Who’s Watching the Sales Tools? What Integration and Management Can Bring to Your Business Development Strategy
Sales tools are not an answer in themselves. Technology is integral to building your business development strategy, but you need to focus on which tools you use and why. Without any oversight or connection, you can fall into common mistakes like:
• Selling to the wrong people (i.e., those without the need or authority to make the purchase)
• Selling features instead of solutions to specific pain points
• Impersonal, one-size-fits-all outreach
Make tool integration and management a part of your business development strategy to avoid these issues. Someone needs to be watching your sales tools.
The world has changed a lot since March 2020. While some changes are (relatively) temporary, many have become the new norm for many parts of life. This is true for the new sales best practices for B2B: what worked in 2019 simply doesn’t work anymore. We’ve noticed changes in how we as a sales team operate and want to share three of those new sales best practices with you.
When looking at successful business operations, there are a few key factors that stand out. One of the first is people: well-trained data administrators, content creators, sales reps, and coaches are critical. In conjunction with a quality team is consumer market research. Why consumer market research? Because it brings the vital data needed for long-term growth.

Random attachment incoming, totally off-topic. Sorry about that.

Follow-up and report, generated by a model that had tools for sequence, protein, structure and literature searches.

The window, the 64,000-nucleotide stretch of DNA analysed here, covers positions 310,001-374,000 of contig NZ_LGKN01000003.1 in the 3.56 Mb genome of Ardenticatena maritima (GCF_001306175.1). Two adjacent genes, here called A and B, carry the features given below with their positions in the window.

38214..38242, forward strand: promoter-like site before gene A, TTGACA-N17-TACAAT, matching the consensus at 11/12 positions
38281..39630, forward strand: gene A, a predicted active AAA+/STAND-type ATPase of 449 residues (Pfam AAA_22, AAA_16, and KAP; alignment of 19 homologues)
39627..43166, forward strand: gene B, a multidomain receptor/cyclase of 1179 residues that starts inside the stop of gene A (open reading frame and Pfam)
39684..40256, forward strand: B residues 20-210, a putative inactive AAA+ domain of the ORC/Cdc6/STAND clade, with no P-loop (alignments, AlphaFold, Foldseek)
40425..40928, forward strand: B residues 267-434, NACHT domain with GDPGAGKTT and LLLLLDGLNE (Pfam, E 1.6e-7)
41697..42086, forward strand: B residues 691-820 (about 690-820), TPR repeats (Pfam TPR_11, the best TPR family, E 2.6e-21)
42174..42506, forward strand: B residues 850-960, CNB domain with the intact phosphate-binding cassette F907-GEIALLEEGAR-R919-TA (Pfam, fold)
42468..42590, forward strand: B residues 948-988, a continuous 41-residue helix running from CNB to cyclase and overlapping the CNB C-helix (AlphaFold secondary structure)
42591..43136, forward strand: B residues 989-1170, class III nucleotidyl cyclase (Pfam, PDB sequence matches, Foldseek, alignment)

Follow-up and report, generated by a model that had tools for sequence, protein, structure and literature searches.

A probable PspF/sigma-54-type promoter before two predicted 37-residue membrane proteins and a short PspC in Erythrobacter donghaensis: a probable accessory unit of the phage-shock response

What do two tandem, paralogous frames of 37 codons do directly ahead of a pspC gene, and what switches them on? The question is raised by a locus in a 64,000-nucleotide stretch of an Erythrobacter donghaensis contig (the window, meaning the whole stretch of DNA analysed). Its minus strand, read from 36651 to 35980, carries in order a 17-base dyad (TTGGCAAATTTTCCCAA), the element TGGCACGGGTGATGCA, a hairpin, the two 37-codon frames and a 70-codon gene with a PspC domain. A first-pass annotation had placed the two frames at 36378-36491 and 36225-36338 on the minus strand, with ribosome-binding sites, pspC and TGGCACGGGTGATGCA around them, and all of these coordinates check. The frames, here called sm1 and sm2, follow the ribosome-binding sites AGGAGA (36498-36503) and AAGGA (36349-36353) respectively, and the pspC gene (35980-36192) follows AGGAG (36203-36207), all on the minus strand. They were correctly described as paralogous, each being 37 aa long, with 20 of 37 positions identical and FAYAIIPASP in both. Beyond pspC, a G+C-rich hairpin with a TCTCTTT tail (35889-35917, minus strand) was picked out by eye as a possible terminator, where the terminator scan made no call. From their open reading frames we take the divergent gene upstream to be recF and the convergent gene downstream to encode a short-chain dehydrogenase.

The greatest development team is nothing without the right data to equip them. Consumer market research brings that data, arming teams with the information they need to build a database, target leads, and continually move their sales pipeline. Hinge Marketing found that companies that use market research saw profitability double and growth increase by 15x compared to those that don’t’ use research. Why is consumer market research so essential?
As a sales as a service (SaaS) provider, we often get the question, “Sales enablement vs sales as a service – what’s the difference?” While both have “sales” in the name, the distinction between sales enablement and sales as a service is subtle but important.
While any organization needs sales enablement to increase profits and grow their bottom line, sales as a service brings the people and skills to make sales enablement happen.
Sales enablement is precisely what it sounds like: it means to make sales happen. It requires strategy, technology, training, and data analytics, among other elements working together to engage prospects and turn them into customers. Some of the main aspects of sales enablement include:
Email marketing campaigns don’t get the attention they deserve. Though more recent communication tech, like texting and live chats, certainly bring benefits, email remains one of the most effective marketing methods. In fact, some research shows it has a 4,200% ROI – now that’s effective.
But, to gain such high returns on your email marketing campaigns, you need to put thought into how they’re deployed. One size does not fit all, and your team needs to consider how to craft the right messaging, send it at the right time, and keep improving each campaign to reach your goals.